140 characters doesn't sound like much, but when half a billion tweets are sent daily it's almost impossible to keep up. That's the conclusion of a researcher tracking the progress of an attempt by the US Library of Congress to archive the entirety of Twitter.
The Library made the pledge in 2010, back when the microblogging network was a smaller fish. Even then, there was already a four-year backlog of 21 billion tweets - each with more than 100 bits of metadata accompanying its 140 characters.
According to Michael Zimmer, who has published a paper on the library's progress, merely storing the tweets is just the first part of the problem. Providing useful means of retrieval is another tricky task - according the library's most recent update in January 2013, searching through even the 21-billion-strong backlog takes 24 hours.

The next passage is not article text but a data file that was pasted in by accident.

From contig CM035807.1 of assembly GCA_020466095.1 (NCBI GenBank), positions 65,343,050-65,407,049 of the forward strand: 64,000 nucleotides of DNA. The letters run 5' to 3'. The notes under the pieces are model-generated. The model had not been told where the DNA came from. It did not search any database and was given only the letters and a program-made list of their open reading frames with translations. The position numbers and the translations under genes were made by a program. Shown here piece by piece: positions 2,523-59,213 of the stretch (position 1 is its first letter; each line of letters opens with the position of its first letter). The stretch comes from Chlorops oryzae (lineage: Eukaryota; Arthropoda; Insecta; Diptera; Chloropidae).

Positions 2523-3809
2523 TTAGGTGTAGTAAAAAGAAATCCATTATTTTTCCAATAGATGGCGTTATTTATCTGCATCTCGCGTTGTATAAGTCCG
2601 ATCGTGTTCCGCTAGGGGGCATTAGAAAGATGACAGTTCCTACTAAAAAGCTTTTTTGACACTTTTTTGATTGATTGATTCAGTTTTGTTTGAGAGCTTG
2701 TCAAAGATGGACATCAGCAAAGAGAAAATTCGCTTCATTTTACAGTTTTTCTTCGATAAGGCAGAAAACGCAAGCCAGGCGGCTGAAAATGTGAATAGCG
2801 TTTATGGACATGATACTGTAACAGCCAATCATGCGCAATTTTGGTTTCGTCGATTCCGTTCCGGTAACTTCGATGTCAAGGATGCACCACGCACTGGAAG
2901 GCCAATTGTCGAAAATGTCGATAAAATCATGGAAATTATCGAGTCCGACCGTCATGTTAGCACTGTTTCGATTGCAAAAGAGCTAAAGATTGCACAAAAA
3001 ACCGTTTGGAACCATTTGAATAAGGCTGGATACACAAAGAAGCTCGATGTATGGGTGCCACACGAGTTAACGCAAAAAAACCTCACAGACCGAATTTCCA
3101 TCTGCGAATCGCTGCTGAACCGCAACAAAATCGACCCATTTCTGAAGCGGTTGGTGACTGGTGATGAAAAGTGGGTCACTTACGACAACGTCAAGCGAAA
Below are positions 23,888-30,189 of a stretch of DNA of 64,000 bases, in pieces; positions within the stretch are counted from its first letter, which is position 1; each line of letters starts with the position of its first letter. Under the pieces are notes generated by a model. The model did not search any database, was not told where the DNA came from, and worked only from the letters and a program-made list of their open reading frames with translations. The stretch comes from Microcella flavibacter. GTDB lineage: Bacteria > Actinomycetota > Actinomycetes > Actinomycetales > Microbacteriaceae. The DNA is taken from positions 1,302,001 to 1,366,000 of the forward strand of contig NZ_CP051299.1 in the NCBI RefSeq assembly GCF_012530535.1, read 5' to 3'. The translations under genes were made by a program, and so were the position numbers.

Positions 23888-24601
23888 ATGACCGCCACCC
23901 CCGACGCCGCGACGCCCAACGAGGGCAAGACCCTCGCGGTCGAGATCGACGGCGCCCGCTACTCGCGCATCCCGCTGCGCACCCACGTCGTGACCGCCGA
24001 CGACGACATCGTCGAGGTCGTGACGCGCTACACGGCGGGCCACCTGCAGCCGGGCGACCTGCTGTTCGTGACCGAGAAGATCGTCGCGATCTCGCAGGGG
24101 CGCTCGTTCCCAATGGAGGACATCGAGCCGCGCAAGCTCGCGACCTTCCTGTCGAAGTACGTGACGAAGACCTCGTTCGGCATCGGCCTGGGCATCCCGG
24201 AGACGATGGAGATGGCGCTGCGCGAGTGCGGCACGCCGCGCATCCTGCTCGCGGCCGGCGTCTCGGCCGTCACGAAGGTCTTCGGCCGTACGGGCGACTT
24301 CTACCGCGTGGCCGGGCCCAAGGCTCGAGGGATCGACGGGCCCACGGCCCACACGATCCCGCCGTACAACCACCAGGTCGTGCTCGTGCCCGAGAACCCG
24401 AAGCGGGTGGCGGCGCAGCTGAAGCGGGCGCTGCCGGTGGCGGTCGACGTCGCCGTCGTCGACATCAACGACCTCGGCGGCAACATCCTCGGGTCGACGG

Then there's the question of how public the archive should be - should any information be censored or restricted? Is it even ethical to hold the archive in the first place, when Twitter is generally seen as a conversational medium? Should people be allowed to opt out?
These are all questions that the library is wrestling with, and hasn't yet come up with a satisfactory answer to. "The many policy challenges — of access, restrictions, privacy, and control — remain largely unresolved," writes Zimmer. "Sufficiently addressing these policy concerns will, undoubtedly, result in further technical and practical challenges."